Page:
• THe Usage of more than say 5000 Visible Datapoints (even say more than a few hundreds Marks) in particular Chart or Dashboard often the sign of bad design or poor understanding of the task at hand; the human eye (of end user) cannot comprehend too many Marks anyway, so what Tableau does (in terms of reducing the footprint in Memory when less Marks are used) is a good design.

  • For Tableau in results above I reported the total RAM used by 2 Tableau processes in memory TABLEAU.EXE itself and supplemental process TDSERVER64.EXE (this 2nd 64-bit process almost always uses about 21MB of RAM). Note: Russell Christopher also suggested to monitor TABPROTOSRV.EXE but I cannot find its traces and its usage of RAM during benchmarks.

  • Qlikview 11.2 and Spotfire 6 have similar footprints in Memory and on Disk.

More than 2 years ago I estimated the footprints for the sample dataset (428999 rows and 135 columns) when it encapsulated in text file, in compressed ZIP format, in Excel 2010, in PowerPivot 2010, Qlikview 10, Spofire 3.3 and Tableau 6. Since then everything upgraded to the “latest versions” and everything 64-bit now, including Tableau 8.1, Spotfire 5.5 (and 6), Qlikview 11.2, Excel 2013 and PowerPivot 2013.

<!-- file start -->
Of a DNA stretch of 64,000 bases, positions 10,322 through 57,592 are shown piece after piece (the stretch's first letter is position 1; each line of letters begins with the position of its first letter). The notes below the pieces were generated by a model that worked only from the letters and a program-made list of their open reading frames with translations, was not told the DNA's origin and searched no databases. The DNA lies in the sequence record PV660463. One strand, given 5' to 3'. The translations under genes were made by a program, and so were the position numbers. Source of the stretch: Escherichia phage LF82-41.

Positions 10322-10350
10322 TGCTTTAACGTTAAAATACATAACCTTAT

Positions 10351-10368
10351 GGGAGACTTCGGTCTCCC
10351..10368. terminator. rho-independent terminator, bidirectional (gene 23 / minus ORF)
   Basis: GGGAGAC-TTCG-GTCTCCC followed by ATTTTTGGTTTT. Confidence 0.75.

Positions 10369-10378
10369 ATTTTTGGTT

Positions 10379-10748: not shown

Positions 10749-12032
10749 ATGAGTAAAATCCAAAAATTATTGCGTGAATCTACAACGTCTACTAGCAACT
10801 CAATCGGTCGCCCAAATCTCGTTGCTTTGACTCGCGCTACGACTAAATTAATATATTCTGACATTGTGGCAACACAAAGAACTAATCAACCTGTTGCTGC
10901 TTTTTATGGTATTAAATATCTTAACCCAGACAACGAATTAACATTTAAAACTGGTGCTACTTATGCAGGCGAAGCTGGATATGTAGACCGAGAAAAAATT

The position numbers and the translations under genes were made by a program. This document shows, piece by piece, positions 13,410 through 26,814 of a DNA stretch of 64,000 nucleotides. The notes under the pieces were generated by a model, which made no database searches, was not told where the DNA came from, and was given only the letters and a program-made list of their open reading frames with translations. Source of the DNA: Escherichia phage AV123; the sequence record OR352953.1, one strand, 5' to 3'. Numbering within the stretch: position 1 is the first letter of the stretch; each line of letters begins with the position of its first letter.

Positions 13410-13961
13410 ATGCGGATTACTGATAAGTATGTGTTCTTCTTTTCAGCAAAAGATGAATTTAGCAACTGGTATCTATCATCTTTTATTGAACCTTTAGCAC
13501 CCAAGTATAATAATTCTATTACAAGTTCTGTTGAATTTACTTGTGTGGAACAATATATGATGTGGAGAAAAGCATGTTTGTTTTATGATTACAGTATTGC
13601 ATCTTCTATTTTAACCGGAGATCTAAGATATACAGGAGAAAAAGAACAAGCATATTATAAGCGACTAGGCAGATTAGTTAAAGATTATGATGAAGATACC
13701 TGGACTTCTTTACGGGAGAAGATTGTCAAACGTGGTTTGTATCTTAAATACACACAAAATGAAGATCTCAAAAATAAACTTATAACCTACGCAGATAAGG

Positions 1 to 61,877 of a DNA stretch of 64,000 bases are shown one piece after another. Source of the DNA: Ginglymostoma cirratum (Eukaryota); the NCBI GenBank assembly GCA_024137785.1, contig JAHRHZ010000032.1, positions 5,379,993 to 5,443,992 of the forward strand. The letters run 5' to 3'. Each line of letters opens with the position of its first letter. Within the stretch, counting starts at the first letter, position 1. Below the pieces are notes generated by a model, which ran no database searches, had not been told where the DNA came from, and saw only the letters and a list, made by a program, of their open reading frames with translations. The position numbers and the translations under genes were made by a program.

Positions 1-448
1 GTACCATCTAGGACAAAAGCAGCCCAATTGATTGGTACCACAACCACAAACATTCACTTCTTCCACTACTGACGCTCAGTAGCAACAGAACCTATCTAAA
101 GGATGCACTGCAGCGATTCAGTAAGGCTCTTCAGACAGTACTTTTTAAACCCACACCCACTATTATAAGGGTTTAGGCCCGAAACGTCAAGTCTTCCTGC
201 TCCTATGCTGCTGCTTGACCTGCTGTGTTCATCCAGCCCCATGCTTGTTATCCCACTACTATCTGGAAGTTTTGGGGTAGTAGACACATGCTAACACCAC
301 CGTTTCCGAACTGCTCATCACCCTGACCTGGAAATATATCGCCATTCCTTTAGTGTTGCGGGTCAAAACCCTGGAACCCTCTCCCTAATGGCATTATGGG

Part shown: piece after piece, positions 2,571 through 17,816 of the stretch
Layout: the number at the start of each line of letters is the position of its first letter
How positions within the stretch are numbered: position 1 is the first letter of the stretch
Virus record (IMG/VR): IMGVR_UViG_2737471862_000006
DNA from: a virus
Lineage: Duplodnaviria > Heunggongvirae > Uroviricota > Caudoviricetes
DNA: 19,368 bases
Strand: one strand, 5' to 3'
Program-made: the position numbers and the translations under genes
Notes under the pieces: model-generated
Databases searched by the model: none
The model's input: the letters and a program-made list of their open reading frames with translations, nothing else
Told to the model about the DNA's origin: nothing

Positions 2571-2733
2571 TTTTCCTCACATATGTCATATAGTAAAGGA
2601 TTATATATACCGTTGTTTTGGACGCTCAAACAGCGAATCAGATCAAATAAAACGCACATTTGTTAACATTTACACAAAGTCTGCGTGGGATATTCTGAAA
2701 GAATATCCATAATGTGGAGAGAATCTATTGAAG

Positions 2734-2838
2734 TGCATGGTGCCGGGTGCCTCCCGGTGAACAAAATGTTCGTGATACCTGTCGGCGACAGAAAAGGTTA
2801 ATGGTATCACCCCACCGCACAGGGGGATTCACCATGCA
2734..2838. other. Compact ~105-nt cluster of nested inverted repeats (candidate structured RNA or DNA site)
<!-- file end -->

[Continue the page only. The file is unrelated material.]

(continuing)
I decided to use the new dataset with exactly 1000000 rows (1 million rows) and 15 columns with the following diversity of values (Distinct Counts for every Column below):

Then I put this dataset in every application and format mentioned above – both on disk and in memory. All results presented below for review of DV blog visitors:

Some comments about application specifics:

  • Excel and PowerPivot XLSX files are ZIP-compressed archives of bunch of XML files

  • Spotfire DXP is a ZIP archive of proprietary Spotfire text format

  • QVW  is Qlikview’s proprietary Datastore-RAM-optimized format

  • TWBX is Tableau-specific ZIP archive containing its TDE (Tableau Data Extract) and TWB (XML format) data-less workbook